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The Residents - Santa Dog 1972 CD (album) cover

SANTA DOG 1972

The Residents

RIO/Avant-Prog


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Neu!mann
PROG REVIEWER
3 stars Frank Zappa was sent one. Richard Nixon, too. But I certainly don't own an original copy of this now ultra-rare 1972 set of twin 45 rpm singles, the first records ever made (after some even more primitive amateur tape experiments) by those anonymous anti- music misfits known as THE RESIDENTS.

And yet it hasn't languished in total obscurity over the years. Residents fan club members may have heard it. And the "Santa Dog" singles surfaced briefly on the 1987 CD release of "Meet The Residents", the four "songs" (actually a quartet of wacky, abstract Yuletide collages) fitting snugly alongside the unique, lo-fi scrambled egg sound mix of their debut LP. So why were they then deleted from subsequent CD re- issues of the album? Only the Eyeballs know for sure; at any rate it explains the stand- alone review offered here.

But first, a little history. Back in 1972 The Residents weren't just anonymous, they were completely unknown: a group (or not) of shoestring avant-garde wannabees recently relocated from somewhere in rural Louisiana to suburban San Mateo, California (my hometown, and thus a point of personal civic and cultural pride). This self- produced, fledgling musical effort was intended as a promotional Christmas card, sent with tongue firmly in cheek to a select group of movers and shakers. I doubt if President Nixon ever received his copy (too bad: his administration could have used a little comic relief comfort and joy), but he did resign from the Oval Office shortly afterward, so who knows?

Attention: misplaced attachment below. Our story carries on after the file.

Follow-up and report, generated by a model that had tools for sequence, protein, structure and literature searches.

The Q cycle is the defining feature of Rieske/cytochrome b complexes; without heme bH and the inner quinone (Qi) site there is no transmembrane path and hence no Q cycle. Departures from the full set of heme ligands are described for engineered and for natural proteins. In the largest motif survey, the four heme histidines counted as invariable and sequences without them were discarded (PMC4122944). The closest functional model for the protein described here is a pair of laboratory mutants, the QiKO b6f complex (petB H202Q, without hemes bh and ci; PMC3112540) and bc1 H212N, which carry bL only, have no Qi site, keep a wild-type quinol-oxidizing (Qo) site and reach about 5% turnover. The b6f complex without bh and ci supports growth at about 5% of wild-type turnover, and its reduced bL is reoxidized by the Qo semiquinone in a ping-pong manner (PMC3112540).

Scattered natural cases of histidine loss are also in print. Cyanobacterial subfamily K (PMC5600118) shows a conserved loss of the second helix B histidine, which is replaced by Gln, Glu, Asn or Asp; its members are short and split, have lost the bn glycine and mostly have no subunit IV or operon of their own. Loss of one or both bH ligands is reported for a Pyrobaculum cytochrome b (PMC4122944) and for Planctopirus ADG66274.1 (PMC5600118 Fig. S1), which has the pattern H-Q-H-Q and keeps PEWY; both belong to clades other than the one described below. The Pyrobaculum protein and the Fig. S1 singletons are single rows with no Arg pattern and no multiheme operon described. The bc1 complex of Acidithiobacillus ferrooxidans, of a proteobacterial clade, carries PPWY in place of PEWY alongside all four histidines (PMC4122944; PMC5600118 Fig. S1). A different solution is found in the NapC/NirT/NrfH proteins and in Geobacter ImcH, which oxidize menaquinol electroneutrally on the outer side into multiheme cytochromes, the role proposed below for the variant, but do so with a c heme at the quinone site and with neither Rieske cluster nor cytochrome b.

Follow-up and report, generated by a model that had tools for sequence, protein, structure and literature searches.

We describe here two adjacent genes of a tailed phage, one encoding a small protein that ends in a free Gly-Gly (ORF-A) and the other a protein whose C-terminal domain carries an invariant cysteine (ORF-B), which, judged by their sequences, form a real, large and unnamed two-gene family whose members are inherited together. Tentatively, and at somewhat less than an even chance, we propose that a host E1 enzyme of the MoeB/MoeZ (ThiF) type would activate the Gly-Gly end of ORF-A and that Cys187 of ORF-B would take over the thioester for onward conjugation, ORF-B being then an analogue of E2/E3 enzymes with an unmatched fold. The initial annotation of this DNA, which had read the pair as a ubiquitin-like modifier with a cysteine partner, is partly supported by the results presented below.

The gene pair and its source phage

In the tradition of nerdy art school iconoclasm the title of each track was chosen at random from an insurance policy (a clue to one of the Resident's day job?), and each of the four sides of vinyl is credited to a separate, fictional band. "Fire" (by IVORY AND THE BRAINEATERS) is the Santa Dog theme, and the most conventional piece of music here (which isn't saying much, admittedly), featuring something akin to an actual melody, played on discernibly real instruments.

"Lightning" (by THE DELTA NUDES) starts with a warped rendition of "Jingle Bells", and then collapses into a truly nerve-wracking quasi-Krautrock clatter of rudimentary violins, horns, and a toy piano. "Explosion" (performed by THE COLLEGE WALKERS) is a fairly sophisticated blend of overdubbed percussion and silly poetry, owing a strong stylistic debt to CAPTAIN BEEFHEART, circa "Trout Mask Replica". As does "Aircraft Damage" (credited to ARF & OMEGA and THE SINGING LAWNCHAIRS): more tape loops, sampled rhythms, unidentified noises, and a surrealistic chorus urging listeners to "kick a cat today!"

Even by their usual mock-aesthetic standards this is pretty raw stuff: a crude but compelling attempt at musical non-conformity by a group of distinctly non-musical neophytes more comfortable messing around with two-track tape and scissors than playing genuine instruments. It's a record obviously made by (and for) people not afraid to risk frying a few brain cells for Art's sake, but be warned: long-term exposure can almost make it begin to sound halfway normal. And that's a scary thought...

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Posted Tuesday, October 11, 2005 | Review Permalink

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